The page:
Monday, April 9, 2007


I was a little kid when WWII was shaking the world, but I vaguely remember listening, with my parents, to the President of the United States asking Congress for permission to declare war on Japan, Germany and Italy.

I remember Harry Truman asking the joint session of Congress to o.k. the "police action" in Korea.

I do NOT, however, remember Dubya Bush asking anyone for permission to declare war on Iraq. I do vaguely remember him (during his first term) remarking something to the effect that he wanted to be a "war president".

I do not remember George Bush asking if it would be allright to violate Americans civil rights by spying on the entire populace. I do not remember him asking if it would be allright to take away any of my freedoms. Side note for GW: I do not remember you asking me if I approved of this "North American Union" fiasco. Did it slip your mind?

There's talk of a "National ID Card". Don't be mislead. It is not designed to snare illegal aliens. Mr. Bush, sir, when did it become allright to be able to track all movements, all locations of all American citizens? Especially since you don't seem to be able to track at least 35 million aliens in this country?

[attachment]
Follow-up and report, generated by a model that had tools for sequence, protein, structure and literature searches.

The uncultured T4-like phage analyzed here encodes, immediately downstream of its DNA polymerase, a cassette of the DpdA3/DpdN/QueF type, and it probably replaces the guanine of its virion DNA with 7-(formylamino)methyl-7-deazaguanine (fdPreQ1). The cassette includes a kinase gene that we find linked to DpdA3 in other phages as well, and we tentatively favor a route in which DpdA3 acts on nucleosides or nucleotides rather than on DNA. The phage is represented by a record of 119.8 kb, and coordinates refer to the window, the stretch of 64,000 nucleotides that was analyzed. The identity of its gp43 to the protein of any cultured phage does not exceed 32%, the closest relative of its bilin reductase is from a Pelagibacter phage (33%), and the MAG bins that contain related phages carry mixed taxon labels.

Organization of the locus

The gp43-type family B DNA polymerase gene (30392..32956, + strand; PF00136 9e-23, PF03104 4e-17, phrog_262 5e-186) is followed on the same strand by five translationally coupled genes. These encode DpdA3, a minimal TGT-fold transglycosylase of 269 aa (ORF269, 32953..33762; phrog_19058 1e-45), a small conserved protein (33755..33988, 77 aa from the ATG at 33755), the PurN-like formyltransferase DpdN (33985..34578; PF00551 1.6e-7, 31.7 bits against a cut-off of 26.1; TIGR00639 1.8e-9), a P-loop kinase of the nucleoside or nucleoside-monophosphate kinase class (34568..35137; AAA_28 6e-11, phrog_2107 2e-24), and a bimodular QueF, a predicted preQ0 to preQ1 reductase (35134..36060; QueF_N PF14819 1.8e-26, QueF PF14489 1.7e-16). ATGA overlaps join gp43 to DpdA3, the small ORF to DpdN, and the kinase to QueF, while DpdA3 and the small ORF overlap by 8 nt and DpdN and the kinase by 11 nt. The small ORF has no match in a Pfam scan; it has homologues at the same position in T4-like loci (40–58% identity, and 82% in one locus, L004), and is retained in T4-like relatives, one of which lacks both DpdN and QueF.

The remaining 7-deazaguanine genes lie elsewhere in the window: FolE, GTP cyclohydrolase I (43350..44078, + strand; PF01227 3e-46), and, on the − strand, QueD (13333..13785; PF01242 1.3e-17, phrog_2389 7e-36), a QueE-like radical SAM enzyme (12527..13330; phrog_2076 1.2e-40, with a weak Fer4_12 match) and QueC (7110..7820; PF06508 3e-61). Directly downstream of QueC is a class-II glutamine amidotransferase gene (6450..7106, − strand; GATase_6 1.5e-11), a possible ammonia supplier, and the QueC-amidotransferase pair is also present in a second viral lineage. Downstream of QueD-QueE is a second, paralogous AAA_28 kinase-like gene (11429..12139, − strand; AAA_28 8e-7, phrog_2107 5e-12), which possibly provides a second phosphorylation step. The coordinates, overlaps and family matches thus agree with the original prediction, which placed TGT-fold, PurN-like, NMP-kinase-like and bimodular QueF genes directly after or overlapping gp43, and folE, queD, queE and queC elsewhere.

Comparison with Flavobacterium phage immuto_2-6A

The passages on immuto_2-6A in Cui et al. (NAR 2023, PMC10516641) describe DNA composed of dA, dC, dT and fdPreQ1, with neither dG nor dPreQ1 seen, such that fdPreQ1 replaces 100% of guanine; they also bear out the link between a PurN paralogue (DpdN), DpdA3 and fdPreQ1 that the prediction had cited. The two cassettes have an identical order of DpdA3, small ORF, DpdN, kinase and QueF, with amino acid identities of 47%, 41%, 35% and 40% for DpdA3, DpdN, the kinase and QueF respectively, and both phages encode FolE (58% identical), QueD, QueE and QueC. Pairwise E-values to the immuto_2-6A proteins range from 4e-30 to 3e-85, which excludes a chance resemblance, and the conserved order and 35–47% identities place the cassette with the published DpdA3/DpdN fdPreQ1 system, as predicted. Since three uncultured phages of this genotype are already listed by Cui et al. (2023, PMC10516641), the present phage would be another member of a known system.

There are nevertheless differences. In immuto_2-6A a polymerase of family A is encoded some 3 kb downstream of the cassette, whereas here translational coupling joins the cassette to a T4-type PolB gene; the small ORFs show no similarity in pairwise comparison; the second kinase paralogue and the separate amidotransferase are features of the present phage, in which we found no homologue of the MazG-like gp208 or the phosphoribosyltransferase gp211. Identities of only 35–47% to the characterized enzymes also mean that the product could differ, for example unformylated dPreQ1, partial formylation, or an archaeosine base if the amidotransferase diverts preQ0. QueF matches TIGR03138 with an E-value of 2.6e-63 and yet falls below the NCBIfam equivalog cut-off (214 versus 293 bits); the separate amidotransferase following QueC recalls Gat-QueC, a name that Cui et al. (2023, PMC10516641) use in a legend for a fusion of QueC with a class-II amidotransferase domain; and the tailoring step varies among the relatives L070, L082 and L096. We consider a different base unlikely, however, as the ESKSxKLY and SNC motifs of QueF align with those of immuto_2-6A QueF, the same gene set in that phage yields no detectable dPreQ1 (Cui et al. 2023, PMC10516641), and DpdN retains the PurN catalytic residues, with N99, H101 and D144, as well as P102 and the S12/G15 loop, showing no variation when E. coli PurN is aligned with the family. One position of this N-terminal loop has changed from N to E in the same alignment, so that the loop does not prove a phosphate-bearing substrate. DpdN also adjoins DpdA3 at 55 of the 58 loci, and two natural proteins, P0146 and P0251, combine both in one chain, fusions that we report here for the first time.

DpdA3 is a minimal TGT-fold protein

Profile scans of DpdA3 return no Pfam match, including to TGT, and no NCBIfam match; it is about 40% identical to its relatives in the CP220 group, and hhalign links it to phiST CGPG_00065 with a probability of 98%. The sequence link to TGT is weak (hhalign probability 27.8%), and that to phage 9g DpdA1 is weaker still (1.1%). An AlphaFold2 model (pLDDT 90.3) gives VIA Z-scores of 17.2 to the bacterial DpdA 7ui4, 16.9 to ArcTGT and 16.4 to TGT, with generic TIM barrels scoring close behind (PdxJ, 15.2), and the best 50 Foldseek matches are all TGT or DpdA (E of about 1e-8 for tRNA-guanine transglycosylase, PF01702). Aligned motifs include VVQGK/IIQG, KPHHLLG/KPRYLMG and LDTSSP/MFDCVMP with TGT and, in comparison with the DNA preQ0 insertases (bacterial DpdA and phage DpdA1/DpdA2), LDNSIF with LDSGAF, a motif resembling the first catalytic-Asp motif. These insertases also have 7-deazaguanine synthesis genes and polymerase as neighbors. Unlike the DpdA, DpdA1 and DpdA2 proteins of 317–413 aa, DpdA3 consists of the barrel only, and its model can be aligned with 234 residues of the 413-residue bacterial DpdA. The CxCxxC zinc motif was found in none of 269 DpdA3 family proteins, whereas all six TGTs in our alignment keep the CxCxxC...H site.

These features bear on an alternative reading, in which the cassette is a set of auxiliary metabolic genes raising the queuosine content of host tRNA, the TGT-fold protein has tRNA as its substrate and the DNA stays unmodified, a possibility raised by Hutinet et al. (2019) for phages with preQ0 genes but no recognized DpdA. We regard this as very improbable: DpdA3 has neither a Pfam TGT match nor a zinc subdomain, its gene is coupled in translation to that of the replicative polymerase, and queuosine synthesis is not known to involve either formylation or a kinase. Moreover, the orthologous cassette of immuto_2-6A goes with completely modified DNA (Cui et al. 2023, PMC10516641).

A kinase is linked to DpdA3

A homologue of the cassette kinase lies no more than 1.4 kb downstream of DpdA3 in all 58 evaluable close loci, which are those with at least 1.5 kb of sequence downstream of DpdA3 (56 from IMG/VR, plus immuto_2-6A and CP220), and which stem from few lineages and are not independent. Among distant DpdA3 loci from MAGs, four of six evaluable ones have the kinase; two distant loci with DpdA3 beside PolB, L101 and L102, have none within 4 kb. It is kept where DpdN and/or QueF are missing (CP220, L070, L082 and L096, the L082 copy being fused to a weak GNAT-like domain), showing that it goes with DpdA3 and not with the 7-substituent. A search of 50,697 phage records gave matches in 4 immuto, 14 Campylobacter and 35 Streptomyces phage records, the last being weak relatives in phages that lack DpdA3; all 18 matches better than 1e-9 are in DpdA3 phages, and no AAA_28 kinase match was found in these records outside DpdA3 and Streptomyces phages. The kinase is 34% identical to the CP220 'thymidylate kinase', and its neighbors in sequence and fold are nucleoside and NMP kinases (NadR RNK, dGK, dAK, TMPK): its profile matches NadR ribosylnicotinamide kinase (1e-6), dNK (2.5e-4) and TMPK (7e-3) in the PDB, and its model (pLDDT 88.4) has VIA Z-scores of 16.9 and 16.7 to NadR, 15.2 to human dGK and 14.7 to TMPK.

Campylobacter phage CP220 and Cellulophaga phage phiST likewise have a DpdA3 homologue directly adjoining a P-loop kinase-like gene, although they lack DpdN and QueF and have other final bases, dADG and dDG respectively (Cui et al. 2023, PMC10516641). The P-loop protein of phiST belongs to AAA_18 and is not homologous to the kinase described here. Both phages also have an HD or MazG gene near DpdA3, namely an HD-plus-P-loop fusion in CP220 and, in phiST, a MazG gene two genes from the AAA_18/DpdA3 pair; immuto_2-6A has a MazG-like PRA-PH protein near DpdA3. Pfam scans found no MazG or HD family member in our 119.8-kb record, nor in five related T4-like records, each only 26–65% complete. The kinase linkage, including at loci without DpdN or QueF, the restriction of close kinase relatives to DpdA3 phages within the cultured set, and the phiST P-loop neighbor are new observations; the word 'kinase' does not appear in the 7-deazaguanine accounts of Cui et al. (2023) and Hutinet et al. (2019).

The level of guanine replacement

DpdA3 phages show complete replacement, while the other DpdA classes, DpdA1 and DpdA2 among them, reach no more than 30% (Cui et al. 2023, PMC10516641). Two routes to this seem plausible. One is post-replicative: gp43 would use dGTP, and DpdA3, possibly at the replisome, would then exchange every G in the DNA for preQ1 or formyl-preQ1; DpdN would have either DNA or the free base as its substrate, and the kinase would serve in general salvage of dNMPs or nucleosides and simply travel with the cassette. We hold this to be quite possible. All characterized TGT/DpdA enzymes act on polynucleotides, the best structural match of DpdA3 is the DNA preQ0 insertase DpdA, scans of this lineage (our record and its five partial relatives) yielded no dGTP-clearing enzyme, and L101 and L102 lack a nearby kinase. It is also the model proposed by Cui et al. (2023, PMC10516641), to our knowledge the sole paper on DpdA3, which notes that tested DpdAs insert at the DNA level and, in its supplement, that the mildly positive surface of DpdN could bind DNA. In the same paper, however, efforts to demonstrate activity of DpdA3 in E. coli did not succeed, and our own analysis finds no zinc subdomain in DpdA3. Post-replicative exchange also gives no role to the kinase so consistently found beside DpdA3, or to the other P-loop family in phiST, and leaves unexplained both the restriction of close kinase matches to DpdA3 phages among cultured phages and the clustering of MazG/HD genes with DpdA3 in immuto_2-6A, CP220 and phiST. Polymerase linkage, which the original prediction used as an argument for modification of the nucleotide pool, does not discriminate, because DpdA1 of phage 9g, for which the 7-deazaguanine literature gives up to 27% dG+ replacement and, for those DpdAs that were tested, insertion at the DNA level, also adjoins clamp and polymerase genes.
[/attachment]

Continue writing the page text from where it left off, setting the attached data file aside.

I am appreciative of the abilities of programmers to give all of us instant communication and the goodness of the internet. I really enjoy surfing. On the other hand, I can see absolutely no practical use, to me, of the RFID chip. You can, apparently, following anything I buy to anywhere I choose to place it. And it's very cheap. And they are now capable of being made so small they can be injected into the human body when you get a shot. Without your knowing it has happened. Why is this technology needed, Mr. President?

Sir, when did it become allright to expand Bill Clinton's wire tapping programs? Do you really need to follow my conversations when I call my daughter to ask her when she will be visiting me? Or when I call for pizza delivery, must you be aware of what toppings I prefer?

I can recall learning that one of the major causes of the American Revolution against England was the arrogance and authoritarianism of the King of England. King George, that is.

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